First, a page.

Further, we have tested the influence of the cell concentration on the performances of the CNNs (see Table 1). Test images at different cell concentrations are shown in Supplementary Figure S3. We found that the detection ability of the different CNNs is not influenced by the cell concentration, up to a concentration of 530 cells/mm2 (N = 15,500 cells per 29.4 mm2 OPD image) and precision and recall yield values larger than 0.98 (see Table 1). Similarly, CNN quantification of the maximum OPD value is not influenced by cell concentration. Up to 530 cells/mm2, we measured R2 larger than 0.93 and constant error MAD of ∼7 µm in comparison with reference values. The performance of CNNs quantifying cell area and cell dry mass remains constant up to 365 cells/mm2 (SSIM >0.85, R2 ≥ 0.85; see Table 1) and starts to deviate from the ground truth values at the cell concentration of 530 cells/mm2 (SSIM ≤0.85, R2 ≥ 0.85; see Table 1). The performance of the CNN quantifying the cell major axis length appears to be influenced by cell concentration. The SSIM values and the coefficient of determination R2 both decrease linearly with the cell concentration, down to, respectively, 0.77 and 0.71 for a cell concentration of 530 cells/mm2 (see Table 1). The error MAD increases from 3 to 3.3 µm for cell concentration increasing from 180 to 530 cells/mm2 (see Table 1). CNN quantification of major axis cell length remains a difficult task.

So far, CNNs were trained and tested on experimental OPD images presenting uniform background and low noise. We measured a 1.2 nm spatial variation SD in a background area of 130 × 130 µm2. To evaluate the robustness of the CNNs over larger noise and/or the presence non-uniform background, we have conducted an evaluation task with test OPD images degraded with simulated noise (10 nm SD and 20 nm SD spatial variation) and/or simulated non-uniform background (15 and 30 nm maximum amplitude). The simulated test OPD images are shown in Supplementary Figure S4. Figure 4 shows the results of this evaluation task for CNNs quantifying cell dry mass. The CNN-A, trained with the experimental OPD images discussed previously (see Table 1), performs poorly on the evaluation task. On the pair-wise comparisons with the reference values, the CNN-A quantification yields R2 of 0.73 ± 0.15 and error MAD of 21.6 ± 8.5 pg depending on the image quality (see Supplementary Table S3). In order to improve the robustness over image quality, we trained CNN-B with input OPD images degraded with noise (20 nm spatial variation SD) and non-uniform background (30 nm maximum amplitude). Consequently, the CNN-B presents good robustness over different levels of image quality. On the test dataset, it yields R2 of 0.86 ± 0.02 and error MAD of 17.7 ± 3.6 pg depending on the level of image quality (see Figures 4G, H, Supplementary Table S3).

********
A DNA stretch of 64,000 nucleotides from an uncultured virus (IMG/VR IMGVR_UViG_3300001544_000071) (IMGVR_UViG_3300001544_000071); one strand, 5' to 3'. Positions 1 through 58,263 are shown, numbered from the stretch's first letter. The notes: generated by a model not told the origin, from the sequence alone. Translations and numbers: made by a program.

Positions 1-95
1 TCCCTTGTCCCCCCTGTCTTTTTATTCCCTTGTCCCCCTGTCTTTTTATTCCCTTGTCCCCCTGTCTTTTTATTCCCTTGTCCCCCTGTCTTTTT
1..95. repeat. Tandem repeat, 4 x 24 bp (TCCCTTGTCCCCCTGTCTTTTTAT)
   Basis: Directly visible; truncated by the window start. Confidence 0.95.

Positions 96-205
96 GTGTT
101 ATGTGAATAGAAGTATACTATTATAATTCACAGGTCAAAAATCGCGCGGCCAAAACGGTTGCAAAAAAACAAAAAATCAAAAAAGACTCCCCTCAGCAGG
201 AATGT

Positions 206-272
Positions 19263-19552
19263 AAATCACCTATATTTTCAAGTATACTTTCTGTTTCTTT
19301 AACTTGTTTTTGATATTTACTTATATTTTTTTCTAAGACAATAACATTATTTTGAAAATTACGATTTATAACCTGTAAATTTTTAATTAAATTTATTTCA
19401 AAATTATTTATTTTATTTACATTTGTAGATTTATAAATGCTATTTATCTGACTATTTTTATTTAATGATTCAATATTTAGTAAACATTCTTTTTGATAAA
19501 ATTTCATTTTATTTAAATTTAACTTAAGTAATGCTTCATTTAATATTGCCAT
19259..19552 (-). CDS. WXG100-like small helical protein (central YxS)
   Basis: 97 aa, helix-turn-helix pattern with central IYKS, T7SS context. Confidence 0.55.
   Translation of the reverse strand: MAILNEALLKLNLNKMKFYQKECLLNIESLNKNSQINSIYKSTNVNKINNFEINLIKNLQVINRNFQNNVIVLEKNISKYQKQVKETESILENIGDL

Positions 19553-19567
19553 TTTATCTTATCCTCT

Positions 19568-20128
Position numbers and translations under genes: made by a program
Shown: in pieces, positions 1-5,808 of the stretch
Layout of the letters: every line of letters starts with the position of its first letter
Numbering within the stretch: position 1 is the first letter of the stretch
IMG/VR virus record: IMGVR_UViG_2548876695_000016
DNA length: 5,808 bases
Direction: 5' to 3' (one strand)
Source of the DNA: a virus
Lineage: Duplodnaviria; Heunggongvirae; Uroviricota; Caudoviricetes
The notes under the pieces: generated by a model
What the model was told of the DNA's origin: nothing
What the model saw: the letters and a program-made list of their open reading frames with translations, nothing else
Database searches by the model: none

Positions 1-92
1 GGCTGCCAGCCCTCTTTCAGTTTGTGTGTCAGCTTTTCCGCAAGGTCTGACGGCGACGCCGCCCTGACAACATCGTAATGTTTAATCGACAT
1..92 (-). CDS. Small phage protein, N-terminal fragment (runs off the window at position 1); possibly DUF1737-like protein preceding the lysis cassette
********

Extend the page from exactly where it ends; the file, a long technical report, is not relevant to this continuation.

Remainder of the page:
FIGURE 4